[This article republished with permission from the Broad Street Review.]
And I could say Oo oo oo…
I wrote that what composers do is too complicated to be aped by an “evolution” machine, even a machine requiring human tweaking. A composer could create in ten seconds what DarwinTunes has taken months to come up with.
But complexity and inefficiency aren’t the main problems, huge though they are. There’s the nagging thought, after all, that computers might become good enough, some day.
Computing power and speed grow at an astounding rate. Computers already beat chess masters; it must only be a matter of time before a violin sonata succumbs.
Why should I balk?
For years, composers themselves have developed programs to do this very thing: produce notes. Fugal responses, 12-tone matrices, and the most Gordian of algorithms are available at the click of a mouse.
Interactive software “performs” alongside musicians in concert, listening and riffing. Styles are dissected, and computer-generated music can sound just like the music of “real” composers. And if it’s not amazing, we shouldn’t quibble, since many of us “real” composers don’t always sound amazing, either.
Computers, then, are already combining notes on their own. Why should a composer like me balk at computer-evolved music?
There are many reasons. Here are three.
Searching for diamonds
First: Notes are only the surface. Music is where the diamonds are, and the diamonds are below. Composers dig for them, and offer them to others, who (the composers hope), say, “Oo.” That “Oo” is a mix of, “I knew there were diamonds there,” and “I had no idea there were diamonds there.”
It’s a greater or lesser mix of one and the other, and perhaps that’s a peek into the difference between good and great music. But what’s important for now is this: Behind every “Oo” is a “Thank you.” Every artistic impulse is a giving, and every artistic response is a thanksgiving.
Gifts and gratitude exist only between beings. The artist feels a need and fills it; the audience feels the same need and is filled. We come—this is the amazing thing—we actually come with different needs, but we’re shocked into recognition. We see ourselves and give thanks that someone else has seen us.
A second reason is that computers are stupid. Literally: They’re mindless machines that can do only what they’re told. The telling comes from architecture and materials, but ultimately from the sine qua non of the code. Code is everything, and code comes from a writer.
All the wheat and all the streams in all the valleys may be open to you, but to make bread, you need a cook and a recipe. Valleys don’t make bread. You need a farmer, you need a grist mill, you need surveyors, architects, masons, carpenters, blacksmiths, coopers, drovers… and a cook and a recipe.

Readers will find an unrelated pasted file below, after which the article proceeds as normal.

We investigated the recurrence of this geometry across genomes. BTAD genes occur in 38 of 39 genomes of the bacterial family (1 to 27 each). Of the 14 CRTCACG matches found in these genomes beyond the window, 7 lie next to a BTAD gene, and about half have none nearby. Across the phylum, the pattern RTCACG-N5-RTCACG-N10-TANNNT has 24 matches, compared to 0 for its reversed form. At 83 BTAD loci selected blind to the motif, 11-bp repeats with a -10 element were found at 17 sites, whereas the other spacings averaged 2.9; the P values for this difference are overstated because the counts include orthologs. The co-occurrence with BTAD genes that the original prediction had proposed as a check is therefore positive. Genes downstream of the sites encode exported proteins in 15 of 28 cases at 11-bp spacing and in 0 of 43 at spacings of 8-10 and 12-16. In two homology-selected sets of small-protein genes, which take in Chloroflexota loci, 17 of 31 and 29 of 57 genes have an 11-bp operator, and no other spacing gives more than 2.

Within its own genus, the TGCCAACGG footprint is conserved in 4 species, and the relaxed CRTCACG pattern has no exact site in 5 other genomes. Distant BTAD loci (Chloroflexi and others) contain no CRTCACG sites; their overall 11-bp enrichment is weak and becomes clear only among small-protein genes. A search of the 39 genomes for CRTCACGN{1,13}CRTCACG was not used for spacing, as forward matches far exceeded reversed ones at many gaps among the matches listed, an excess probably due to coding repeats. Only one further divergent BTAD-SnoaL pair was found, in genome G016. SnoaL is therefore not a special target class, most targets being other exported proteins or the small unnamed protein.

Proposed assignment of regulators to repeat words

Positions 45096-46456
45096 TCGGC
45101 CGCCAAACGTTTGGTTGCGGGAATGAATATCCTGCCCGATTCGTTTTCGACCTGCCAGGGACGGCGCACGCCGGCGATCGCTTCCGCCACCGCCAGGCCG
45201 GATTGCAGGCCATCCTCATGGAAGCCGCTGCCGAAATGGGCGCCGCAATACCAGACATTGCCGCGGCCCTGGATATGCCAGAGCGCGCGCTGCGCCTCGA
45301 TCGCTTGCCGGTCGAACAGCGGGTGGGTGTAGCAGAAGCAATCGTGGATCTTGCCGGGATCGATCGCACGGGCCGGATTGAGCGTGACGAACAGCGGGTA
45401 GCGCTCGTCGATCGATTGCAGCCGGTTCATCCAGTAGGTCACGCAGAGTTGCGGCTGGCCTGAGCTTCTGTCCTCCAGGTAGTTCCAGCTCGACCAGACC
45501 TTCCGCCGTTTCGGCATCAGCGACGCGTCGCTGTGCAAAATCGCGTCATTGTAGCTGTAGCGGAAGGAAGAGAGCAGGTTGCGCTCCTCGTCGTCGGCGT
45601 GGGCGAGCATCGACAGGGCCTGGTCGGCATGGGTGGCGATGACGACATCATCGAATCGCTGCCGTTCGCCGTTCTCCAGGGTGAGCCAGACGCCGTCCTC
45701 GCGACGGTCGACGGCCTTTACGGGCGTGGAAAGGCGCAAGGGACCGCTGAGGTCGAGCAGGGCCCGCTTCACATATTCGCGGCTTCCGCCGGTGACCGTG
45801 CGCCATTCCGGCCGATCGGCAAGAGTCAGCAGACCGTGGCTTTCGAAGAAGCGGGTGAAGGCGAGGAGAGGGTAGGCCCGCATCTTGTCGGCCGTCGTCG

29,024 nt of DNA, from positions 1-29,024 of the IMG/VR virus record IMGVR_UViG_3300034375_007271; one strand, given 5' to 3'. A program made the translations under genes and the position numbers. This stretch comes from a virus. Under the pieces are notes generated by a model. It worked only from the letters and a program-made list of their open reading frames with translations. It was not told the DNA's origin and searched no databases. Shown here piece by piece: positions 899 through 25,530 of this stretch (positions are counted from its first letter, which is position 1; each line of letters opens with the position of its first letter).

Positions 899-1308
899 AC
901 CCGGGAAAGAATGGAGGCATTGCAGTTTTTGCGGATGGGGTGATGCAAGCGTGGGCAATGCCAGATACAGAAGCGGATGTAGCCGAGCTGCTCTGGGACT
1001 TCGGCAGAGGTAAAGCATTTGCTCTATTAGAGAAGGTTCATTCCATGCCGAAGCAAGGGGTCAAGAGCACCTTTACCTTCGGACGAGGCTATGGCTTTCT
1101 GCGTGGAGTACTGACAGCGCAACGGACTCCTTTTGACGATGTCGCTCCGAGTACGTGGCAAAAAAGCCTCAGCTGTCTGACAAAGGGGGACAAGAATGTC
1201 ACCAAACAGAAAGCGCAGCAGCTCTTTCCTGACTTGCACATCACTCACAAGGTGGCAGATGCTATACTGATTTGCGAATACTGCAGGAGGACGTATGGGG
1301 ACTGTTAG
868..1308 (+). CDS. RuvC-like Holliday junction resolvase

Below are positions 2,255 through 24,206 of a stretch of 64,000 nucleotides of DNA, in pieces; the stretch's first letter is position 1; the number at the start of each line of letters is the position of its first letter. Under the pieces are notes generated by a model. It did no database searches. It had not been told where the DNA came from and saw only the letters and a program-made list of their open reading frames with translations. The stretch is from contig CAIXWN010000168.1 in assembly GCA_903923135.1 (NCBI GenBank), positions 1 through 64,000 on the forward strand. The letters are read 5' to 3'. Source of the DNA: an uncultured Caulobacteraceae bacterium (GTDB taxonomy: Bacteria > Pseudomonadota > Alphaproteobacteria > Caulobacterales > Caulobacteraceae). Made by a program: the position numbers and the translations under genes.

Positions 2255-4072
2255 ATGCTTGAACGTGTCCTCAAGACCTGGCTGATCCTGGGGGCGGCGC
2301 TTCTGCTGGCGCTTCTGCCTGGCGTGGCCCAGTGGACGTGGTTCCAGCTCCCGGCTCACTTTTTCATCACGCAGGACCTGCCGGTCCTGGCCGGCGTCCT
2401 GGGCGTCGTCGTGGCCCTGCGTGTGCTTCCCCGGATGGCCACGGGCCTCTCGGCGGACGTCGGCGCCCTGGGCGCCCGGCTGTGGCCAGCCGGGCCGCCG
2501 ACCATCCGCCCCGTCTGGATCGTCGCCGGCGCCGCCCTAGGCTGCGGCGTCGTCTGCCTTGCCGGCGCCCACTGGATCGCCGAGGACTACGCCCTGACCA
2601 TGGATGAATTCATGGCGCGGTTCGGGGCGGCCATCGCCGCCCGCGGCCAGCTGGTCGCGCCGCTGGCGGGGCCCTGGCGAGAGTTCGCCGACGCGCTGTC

The computer is simply a tool. It’s a really fast tool, but really dumb, so it has to be told—step by minuscule step—what to do. One misstep and it won’t work at all. Composer/ programmers tell it what notes to spit out, in what order or according to what parameters, and it obeys.
“Computer music” is no more music by computer than “violin music” is music by violin.
But there’s another reason.
Three little words
To crystallize my thoughts, I was trying to think of music that’s strong and human. But strength and humanity are mysterious. I couldn’t define them.
I thought of “Lord, have mercy”: thousands of settings of three words that have pierced centuries of souls. I thought of the sledgehammer that follows, in Beethoven’s Ninth, “Oh friends, not these tones.” I thought of “Vincerò! Vincerò!”— six throwaway pitches that Puccini burnishes into a shuddering, impossible passion.
I thought of music with groanings too deep for words, such as a Bach sonata played on one violin.
And I could say “Oo oo oo”
As if everybody knows
What I’m talking about…
I don’t know how that mysterious strength and humanity come to light. Nobody knows. And that’s the third reason.
Paul Simon’s mantra
DarwinTunes, as diverting as it may be, barely scratches the surface of music, because even if all the known complexities could be quantified and automated, the unknown cannot be quantified. Every composer’s decision is a mix of known and unknown, and nobody—least of all, the composer, the very one writing the code—knows where one starts and the other leaves off.
We dig for diamonds, but we’re always surprised where they turn up. Sometimes we hit them right off, but usually they’re miles away from where we thought they’d be.
Sometimes they’re right next to where we were digging, and sometimes…well, sometimes the diamonds are stuck to our own shoes.
Beethoven, Puccini, and Paul Simon know what I’m talking about. Anyone who has ever created, anyone who has ever listened, anyone who has ever said, “Oo,” knows what I’m talking about.
And I could say Oo oo oo
As if everybody knows
What I’m talking about
As if everybody would know
Exactly what I was talking about
Talking about diamonds on the soles of her shoes.
I have no idea what that means. And I know exactly what that means. Computers—they just don’t know. Computers don’t have shoes.